10 August 2022, VN: Beside adapting to drought and salinity, fruit production in the Mekong Delta needs to do well with two important factors of consumption linkage and food safety.
High vigilance, adaption to saline intrusion
In recent years, agricultural production in the Mekong Delta is considered to have to adapt to climate change. Rice production has been able to avoid a number of basic natural disasters such as flooding, saline intrusion, drought, etc. due to a system of irrigation works and non-structural solutions.
Among the non-structural solutions is the building of a map of climate risk and adaptation, which has been actively implemented with high efficiency by the Ministry of Agriculture and Rural Development (MARD).
Specifically, in coastal areas with high risk, the Department of Crop Production has rearranged the sowing timetable earlier in extreme years for about 400,000 ha. In these areas, harvest will take place before saline intrusion and are synchronized with the successful operation of the irrigation system.
In the Mekong Delta’s fruit production, the intercropping areas are located in islets, riverside areas or on land converted from rice to fruit trees.
The functional sector has recommended farmers most specifically to build a system of garden ditches and ponds to store water in case of drought. In addition, technical solutions are advised to implemen to overcome the damage caused by drought and saltwater intrusion. Since the 2019-2020 dry season, farmers, functional sectors, and local authorities at all levels in the Mekong Delta have been actively coping with saline intrusion and implementing many solutions to adapt in both short and long term.
In Tien Giang, during the 2019-2020 dry season, deep and prolonged saline intrusion had affected the main fruit-producing areas in western districts. Nearly 5,000 ha of durian were affected, of which 3,000ha had been seriously damaged.
Mr. Nguyen Van Man, Director of Tien Giang Department of Agriculture and Rural Development (DARD), said: “The province had actively coordinated with the Southern Fruit Institute to implement models in restoring orchards, especially durian trees after the impact of salinity and drought.
Besides, the province also actively implemented a project on building temporary dams when the dry season comes. Forecasting on saline intrusion was carried out in a timely manner. In the long term, the province has been supported by the MARD to build dams along the inter-provincial road 864 to ensure production safety before drought and salinity. Up to now, durian areas in the province affected by drought and salinity have been recovered and farmers have also continued to replant this high-value fruit.”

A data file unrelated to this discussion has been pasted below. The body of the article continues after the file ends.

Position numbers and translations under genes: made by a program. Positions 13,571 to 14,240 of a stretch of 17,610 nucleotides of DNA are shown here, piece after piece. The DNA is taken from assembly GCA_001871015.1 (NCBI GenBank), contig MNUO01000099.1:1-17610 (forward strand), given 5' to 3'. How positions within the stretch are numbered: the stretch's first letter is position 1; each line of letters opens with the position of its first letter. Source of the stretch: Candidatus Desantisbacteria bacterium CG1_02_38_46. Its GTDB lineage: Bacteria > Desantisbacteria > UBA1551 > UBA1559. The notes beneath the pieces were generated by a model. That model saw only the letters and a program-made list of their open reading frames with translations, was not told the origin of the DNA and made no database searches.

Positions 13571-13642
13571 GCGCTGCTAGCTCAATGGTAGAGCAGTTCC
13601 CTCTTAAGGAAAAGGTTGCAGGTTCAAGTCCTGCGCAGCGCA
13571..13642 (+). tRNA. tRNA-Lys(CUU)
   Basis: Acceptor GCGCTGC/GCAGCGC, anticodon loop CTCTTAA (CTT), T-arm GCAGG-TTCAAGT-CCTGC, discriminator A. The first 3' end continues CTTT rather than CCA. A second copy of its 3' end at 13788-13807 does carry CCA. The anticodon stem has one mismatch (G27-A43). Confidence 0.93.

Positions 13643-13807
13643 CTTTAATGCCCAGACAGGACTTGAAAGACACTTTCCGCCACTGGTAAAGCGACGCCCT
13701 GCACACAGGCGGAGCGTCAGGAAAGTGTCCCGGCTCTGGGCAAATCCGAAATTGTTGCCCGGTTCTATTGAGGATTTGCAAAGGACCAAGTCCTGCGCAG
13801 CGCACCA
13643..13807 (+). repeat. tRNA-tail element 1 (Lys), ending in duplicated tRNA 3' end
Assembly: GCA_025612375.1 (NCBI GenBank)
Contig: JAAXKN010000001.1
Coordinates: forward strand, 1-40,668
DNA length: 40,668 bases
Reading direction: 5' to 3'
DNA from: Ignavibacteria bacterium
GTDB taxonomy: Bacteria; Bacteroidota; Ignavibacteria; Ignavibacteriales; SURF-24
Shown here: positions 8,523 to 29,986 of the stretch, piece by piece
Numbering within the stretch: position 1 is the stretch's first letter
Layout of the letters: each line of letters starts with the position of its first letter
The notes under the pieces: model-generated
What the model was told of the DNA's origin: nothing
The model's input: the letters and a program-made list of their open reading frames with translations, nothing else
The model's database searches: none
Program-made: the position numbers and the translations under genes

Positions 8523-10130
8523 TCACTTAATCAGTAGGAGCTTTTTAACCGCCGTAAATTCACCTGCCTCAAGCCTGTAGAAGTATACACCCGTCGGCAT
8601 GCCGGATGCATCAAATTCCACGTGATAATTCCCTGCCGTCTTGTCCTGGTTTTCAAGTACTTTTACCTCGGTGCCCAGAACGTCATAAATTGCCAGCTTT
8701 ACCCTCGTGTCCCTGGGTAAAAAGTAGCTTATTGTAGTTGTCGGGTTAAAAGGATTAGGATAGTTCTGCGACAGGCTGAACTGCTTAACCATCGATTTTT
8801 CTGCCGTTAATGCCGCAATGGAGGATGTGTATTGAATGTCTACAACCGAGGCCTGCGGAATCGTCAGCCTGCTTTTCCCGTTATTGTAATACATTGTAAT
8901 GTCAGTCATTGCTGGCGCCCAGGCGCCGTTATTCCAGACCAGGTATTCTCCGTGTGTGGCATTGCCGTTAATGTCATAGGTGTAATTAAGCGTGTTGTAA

In other provinces such as Vinh Long, Ben Tre and Tra Vinh, authorities and local farmers are also very cautious of drought and salinity to protect their fruit trees.
Recently, we returned to visit Thanh Binh – Quoi Thien island (Vung Liem district, Vinh Long province) where farmers growed many kinds of specialty fruits of high value such as durian, green-skinned grapefruit, mango, etc.
During droughts before, the irrigation system was not completed and the vigilance was not high, so damages were reported with many durian orchards completely lost. Fortunately, this time we could see that farmers had well coped with drought and salinity.
Two important factors
However, according to Mr. Le Thanh Tung, Deputy Director of the Department of Crop Production, these activities only ensure the yield and quality of fruit. As for fruit consumption, the Mekong Delta still suffers from adverse market conditions… Tung pointed out the reason saying that: “The fruit production chain is not as coherent as the rice chain.”
“For example, in the rice chain, we have very stable domestic and export markets and very stable output. Changes in seed quality structure will lead to changes in the consumption market and help reduce production costs. Besides, a short-term duration is also easier to implement. For fruit trees, the time is fixed in exploitation with a period of 5-10 years. Therefore, when there is a fluctuation in market demand, the adaptation of the fruit industry will be slower than that of the rice industry so it faces more difficulties.”
According to Tung, at present, to adapt well to climate change, the fruit industry needs to take into account and well-solve the two factors. Firstly, cooperatives, farms, domestic consumption and export enterprises need to have closer links. Second, growers need to actively reduce production costs and increase the standard of food safety. This will make it easy for businesses to consume because he believed that food safety is more important than quality.
Mr. Tung said that to do so, fruit farmers and businesses must have a common consensus and always be aware that they are “competing with tropical products from neighboring countries such as Thailand, the Philippines, Indonesia, Laos and Cambodia … even in the domestic market, not only for export because the domestic market is very large.”